Adam Hawk is a studio artist and Assistant Professor at the University of Wisconsin-Milwaukee. Hawk earned his MFA in metalsmithing/blacksmithing from Southern Illinois University Carbondale and BFA in sculpture and computer fine arts from Memphis College of Art.
Adam Hawk is a studio artist and Assistant Professor at the University of Wisconsin-Milwaukee. Hawk earned his MFA in metalsmithing/blacksmithing from Southern Illinois University Carbondale and BFA in sculpture and computer fine arts from Memphis College of Art. Previously, Hawk has served as an assistant professor at Memphis College of Art and worked as a blacksmith at the National Ornamental Metal Museum. His work has been exhibited at the Leigh Yawkey Woodson Art Museum, Walter Anderson Museum, Fuller Craft Museum, Houston Center for Contemporary Craft, the HOW art museum in Shanghai, China, The Villa Braghieri in Italy, and the LA Joaillerie par Mazio in Paris, France. Most recently, Hawk has participated in a 2-person exhibition at Arrowmont School of Arts and Crafts, a solo exhibition at the Appalachian Center for Crafts and was included in an exhibition at the National Metal Museum titled 40 Under 40, which “explores the next generation of influential American metal artists.”
Hawk's ongoing creative research investigates digital design and manufacturing technologies such as CAD software, CNC milling, 3d printing and laser cutting in combination with his background in traditional craft practices. Most recently, Hawk has focused on CNC milling as a process to complement the design aesthetics, workflow and techniques used in his blacksmithing and metalsmithing practice. This work examines the relationship between these methods by contemplating the meaning of craft and how one may resolve the dichotomy that exists between contemporary technologies and processes historically hand-based.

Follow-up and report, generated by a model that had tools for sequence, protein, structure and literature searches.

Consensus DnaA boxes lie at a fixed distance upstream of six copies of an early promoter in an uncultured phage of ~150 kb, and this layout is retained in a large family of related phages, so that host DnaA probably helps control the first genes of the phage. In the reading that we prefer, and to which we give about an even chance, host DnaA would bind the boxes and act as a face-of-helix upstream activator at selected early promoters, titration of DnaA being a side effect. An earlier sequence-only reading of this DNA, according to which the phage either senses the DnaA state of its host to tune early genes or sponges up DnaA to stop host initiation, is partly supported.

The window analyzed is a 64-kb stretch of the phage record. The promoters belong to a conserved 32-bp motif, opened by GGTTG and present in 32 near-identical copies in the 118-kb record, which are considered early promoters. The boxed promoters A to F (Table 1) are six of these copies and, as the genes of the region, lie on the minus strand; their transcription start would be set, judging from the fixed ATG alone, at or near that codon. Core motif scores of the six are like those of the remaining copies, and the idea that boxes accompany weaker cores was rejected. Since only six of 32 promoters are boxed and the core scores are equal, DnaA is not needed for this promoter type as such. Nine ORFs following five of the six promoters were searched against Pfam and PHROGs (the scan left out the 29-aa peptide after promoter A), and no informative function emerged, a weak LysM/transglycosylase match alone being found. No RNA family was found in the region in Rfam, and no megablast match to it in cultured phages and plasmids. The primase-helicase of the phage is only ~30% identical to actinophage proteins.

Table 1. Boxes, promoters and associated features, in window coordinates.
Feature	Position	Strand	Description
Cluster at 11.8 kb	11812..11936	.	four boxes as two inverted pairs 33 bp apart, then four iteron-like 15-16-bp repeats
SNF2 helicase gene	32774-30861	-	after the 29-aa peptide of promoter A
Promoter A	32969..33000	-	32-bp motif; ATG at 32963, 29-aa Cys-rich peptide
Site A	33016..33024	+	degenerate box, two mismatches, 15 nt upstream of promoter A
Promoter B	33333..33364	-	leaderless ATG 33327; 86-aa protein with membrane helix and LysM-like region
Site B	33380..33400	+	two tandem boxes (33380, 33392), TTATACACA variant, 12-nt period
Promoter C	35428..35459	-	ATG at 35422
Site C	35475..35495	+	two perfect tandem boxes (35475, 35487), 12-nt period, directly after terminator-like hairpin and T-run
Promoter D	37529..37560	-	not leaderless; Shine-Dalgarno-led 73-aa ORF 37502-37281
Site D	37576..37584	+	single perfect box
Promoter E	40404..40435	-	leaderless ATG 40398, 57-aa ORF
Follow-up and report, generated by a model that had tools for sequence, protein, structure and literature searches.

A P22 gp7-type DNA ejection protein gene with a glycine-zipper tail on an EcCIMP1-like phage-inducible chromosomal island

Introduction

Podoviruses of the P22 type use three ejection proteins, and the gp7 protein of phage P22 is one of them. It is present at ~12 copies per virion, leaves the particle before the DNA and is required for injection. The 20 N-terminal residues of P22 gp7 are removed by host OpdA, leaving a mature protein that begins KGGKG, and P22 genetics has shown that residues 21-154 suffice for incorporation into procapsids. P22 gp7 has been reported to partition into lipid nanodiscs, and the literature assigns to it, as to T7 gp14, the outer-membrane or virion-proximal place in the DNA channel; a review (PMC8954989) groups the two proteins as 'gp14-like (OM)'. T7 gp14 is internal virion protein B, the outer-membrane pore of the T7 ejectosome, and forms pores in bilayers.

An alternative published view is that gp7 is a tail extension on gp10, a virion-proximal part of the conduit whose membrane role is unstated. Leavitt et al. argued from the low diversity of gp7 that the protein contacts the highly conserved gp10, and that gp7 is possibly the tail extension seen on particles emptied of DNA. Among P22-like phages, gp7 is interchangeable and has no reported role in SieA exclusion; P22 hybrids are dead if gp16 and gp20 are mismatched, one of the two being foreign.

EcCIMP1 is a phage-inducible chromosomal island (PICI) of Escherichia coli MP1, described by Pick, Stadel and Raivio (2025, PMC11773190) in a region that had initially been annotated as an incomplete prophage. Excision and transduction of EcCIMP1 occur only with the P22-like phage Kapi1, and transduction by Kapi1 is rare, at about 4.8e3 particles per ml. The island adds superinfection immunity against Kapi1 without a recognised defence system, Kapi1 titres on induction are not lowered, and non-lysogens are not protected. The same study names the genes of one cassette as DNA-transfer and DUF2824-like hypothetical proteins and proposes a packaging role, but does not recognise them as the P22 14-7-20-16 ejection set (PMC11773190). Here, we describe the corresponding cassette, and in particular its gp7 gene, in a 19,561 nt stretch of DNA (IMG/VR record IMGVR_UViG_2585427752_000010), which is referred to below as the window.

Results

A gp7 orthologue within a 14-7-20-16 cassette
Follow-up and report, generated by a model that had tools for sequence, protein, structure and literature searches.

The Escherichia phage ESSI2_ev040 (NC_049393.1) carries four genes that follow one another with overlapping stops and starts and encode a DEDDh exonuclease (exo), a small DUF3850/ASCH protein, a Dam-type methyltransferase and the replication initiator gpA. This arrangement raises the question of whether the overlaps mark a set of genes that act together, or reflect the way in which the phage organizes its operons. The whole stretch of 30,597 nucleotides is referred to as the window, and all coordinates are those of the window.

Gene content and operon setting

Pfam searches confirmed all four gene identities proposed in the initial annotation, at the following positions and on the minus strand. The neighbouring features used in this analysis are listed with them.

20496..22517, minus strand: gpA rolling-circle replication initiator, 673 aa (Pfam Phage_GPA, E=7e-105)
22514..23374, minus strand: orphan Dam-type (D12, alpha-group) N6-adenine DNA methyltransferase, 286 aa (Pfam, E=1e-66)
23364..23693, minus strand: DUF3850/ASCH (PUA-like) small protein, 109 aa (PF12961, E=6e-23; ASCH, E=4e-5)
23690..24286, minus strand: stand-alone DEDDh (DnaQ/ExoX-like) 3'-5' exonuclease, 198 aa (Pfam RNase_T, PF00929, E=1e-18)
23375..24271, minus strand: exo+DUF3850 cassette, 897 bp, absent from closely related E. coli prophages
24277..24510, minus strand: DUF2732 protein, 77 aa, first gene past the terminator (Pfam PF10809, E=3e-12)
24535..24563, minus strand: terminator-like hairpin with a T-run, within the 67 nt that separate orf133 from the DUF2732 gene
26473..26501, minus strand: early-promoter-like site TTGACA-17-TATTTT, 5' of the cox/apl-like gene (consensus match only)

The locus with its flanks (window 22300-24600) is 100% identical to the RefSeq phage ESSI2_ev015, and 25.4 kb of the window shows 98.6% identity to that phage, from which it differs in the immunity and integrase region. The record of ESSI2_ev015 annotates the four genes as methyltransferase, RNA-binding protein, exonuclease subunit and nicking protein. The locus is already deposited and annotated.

I sketch, make things, and explore. From roaming the creeks and fields I grew up around, to traveling to foreign countries, my exposure to urban and natural aesthetics has had a major influence on my design vocabulary. In my youth I felt compelled to interact with and immerse myself into my surroundings, and in my adult years nothing changed except the improvement of instruments and the distance of exploration. My focus on technique and craftsmanship in metalsmithing-coupled with my interest to experiment and work from new challenges, is the basis of how I approach the act of making. The natural world guides me, and a simple rock becomes a vessel. The body of a ghost crab becomes an alphabet. Things outside of myself control the language I use to describe my experiences.
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